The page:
As a teenager, Madiba Guillaume Olivier dreamt of moving from Cameroon to Europe or the United States to pursue his passion for video games. The son of a video store owner, Olivier grew up fixated on playing games—and hoped to study the profession and join the industry.
As he waited to realize his dream of moving away, Olivier started going online to learn the basics of game design. While studying computer science at the University of Yaoundé in the country’s capital in 2003, Olivier partnered with a group of friends to work on their dream project, titled Aurion: Legacy of the Kori-Odan. The action-packed, 2D fantasy game involves prince Enzo, and his fiancée Erine, trying to reclaim power in the Auriona planet after being betrayed by a family member. For years, while working as website developers, Olivier and his team slowly improved their game design skills, tweaked the game, and learned about design concepts and iterations.
Olivier never did move. In 2011, after years writing different scenarios of the Aurion game, he and his team released their first official version. Two years later, emboldened by the support from fans, he co-founded Kiro’o Games: Cameroon’s first ever game studio in Cameroon and one of only a handful across the world to produce an African-themed mythical video game. After a successful Kickstarter campaign, the studio released Aurion in April 2016 via the global distribution platform Steam. The studio, which has also hired 18 more artists and programmers, hopes to go further and place itself as a hub for creating innovative cultural products like comics, cartoons, and also films.
“We started to think about the fact that we can make our own studio here and sell games abroad,” Olivier said of the company’s beginnings. “We decided that we must bring something unique to the table.” For his work as a pioneer in the game development industry, Olivier has been named a 2017 Quartz Africa Innovator.
Kiro’o’s success is not unmatched in Africa. Over the last decade, game development studios have popped up in Tunisia, Egypt, South Africa, Nigeria, Ghana, and Kenya. With the growth of tech hubs and funding opportunities, African developers are diversifying from traditional fintech products to creating innovations in healthcare, education, insurance—and games.
African game developers are also betting on the growth and use of smartphones and tablets. This is especially critical as global mobile game revenues surpassed those generated from personal computers or consoles in 2016. Telecom companies like Morocco’s Inwi, noting the growth of this sector, invested in developing a mobile game last year.
More women are also exploring opportunities in the gaming industry, participating in hackathons, and the development community is experimenting with video games to create social cohesion in countries like Ethiopia and South Sudan. The International Game Developers Association, a non-profit organization for game software developers, now has seven chapters across Africa.
Kiro’o Games and its counterparts are also part of a movement that aims to amplify African myths, stories, and traditions—tapping into a global appetite for games that use unique, locally-produced narratives. Gaming companies are producing action and strategy games with African superheroes, and depicting experiences rooted in the chaos and constancy of African villages and city life.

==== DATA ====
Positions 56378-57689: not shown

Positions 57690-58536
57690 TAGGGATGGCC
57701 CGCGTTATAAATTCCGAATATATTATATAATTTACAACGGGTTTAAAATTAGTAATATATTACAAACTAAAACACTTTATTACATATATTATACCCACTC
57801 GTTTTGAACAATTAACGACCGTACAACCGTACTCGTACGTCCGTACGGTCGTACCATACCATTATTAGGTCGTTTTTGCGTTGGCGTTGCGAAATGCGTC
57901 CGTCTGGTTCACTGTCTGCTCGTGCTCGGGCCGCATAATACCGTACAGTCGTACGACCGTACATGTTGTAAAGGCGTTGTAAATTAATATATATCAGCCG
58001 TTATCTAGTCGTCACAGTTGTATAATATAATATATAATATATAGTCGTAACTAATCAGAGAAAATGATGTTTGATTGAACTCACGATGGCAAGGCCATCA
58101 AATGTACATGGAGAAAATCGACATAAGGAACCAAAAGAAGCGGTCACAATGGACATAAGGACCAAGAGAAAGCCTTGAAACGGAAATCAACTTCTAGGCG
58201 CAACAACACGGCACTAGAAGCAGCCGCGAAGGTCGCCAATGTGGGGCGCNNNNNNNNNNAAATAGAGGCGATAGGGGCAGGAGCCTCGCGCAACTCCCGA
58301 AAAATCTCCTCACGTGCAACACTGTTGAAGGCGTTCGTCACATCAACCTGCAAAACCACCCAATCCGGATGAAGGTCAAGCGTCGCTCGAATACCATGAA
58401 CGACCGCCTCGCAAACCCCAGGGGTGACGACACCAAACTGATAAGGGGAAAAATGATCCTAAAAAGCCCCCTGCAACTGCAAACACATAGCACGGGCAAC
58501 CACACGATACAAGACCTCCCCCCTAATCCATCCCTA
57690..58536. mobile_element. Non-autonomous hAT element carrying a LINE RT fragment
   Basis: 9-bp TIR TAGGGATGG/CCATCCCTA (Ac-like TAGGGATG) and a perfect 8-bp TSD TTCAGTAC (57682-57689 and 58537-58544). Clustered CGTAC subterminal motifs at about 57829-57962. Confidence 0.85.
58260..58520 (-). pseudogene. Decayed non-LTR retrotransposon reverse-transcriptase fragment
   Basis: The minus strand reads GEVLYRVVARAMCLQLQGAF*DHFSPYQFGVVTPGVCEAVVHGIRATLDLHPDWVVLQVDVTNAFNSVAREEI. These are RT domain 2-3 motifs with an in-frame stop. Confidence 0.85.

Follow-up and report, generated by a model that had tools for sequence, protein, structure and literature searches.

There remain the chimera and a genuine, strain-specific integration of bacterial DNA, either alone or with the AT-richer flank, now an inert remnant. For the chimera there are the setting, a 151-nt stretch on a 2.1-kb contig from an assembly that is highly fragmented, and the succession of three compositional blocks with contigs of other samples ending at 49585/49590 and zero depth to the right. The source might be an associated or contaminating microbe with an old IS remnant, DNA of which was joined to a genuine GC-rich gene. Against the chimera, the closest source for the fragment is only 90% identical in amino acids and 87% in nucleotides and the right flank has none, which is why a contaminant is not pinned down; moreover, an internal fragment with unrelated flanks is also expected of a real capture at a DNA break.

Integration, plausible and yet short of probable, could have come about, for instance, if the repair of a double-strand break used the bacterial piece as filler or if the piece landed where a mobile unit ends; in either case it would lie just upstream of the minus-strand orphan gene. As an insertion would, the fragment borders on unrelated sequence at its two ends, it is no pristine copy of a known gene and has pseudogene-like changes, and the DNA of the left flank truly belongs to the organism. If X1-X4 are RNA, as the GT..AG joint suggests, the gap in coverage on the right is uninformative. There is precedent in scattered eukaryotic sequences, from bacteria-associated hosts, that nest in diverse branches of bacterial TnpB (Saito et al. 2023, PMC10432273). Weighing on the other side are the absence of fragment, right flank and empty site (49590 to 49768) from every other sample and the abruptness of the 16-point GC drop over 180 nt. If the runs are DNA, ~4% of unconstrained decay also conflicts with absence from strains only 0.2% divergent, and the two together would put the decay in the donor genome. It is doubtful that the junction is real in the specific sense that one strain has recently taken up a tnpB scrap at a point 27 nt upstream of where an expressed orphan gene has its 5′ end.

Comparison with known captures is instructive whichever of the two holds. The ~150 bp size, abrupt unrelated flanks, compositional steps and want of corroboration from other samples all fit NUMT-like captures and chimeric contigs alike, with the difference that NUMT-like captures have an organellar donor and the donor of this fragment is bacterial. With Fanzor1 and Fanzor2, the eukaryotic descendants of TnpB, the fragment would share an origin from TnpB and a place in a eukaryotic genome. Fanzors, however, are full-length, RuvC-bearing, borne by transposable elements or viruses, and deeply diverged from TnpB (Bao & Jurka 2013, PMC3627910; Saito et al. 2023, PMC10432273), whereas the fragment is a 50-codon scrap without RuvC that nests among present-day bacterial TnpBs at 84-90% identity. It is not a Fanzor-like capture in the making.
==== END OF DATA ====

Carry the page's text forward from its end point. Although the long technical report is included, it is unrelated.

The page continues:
The Okada Rider, designed by Nigeria’s ChopUp studio, simulates the legendary traffic gridlock of the streets of Lagos. Ebola Strike Force follows the story of researchers and scientists who want to save humanity from the deadly virus. The Sambisa Assault gives gamers the opportunity to join the fight against terrorism.
In Kenya, Leti Arts produced Ananse: The Origin, based on an epic folklore from Ghana, while Weza Interactive Entertainment produced Mzito, which takes users on a journey to save Africa. Studios like Thoopid and Celestial Games in South Africa, one of the largest African gaming markets, are developing award-winning games.
But in a nascent industry, the threat of failure is a given. In 2012, after accessing a loan from a bank, Walid Sultan launched Tunisia’s first video development company. Since then, Digitalmania has released 87 games on Facebook and mobile app platforms like Google Play and Apple store. But since Facebook and Google do not support merchant payments in Tunisia, Digitalmania cannot release games with paid content—hindering their ability to grow. “The biggest challenge we are facing is trying to find the right budget to do our games,” Walid says.
Sultan says it’s been hard for his studio to find the right pool of talent to develop games and to access the most up-to-date virtual reality technology. For Cameroonian developers like Olivier, electricity shutdowns hinder productivity. In South Africa, the lack of adequate regulatory or copyright laws can prevent those in the gaming industry from developing or distributing games.
But African game developers hope to take all this in stride and create more harmonious ecosystems. Sultan now wants to take Digitalmania global, and help other video game developers in Tunisia access global markets. Kiro’o Games is also starting a mentoring program that would guide start-ups on fundraising and gaming opportunities.
To improve the gaming industry, Sultan says that what Africa needs now is more success stories that will help attract investors and venture capitalists. “We want to be in the big arena,” he says. “I hope it will come very soon.”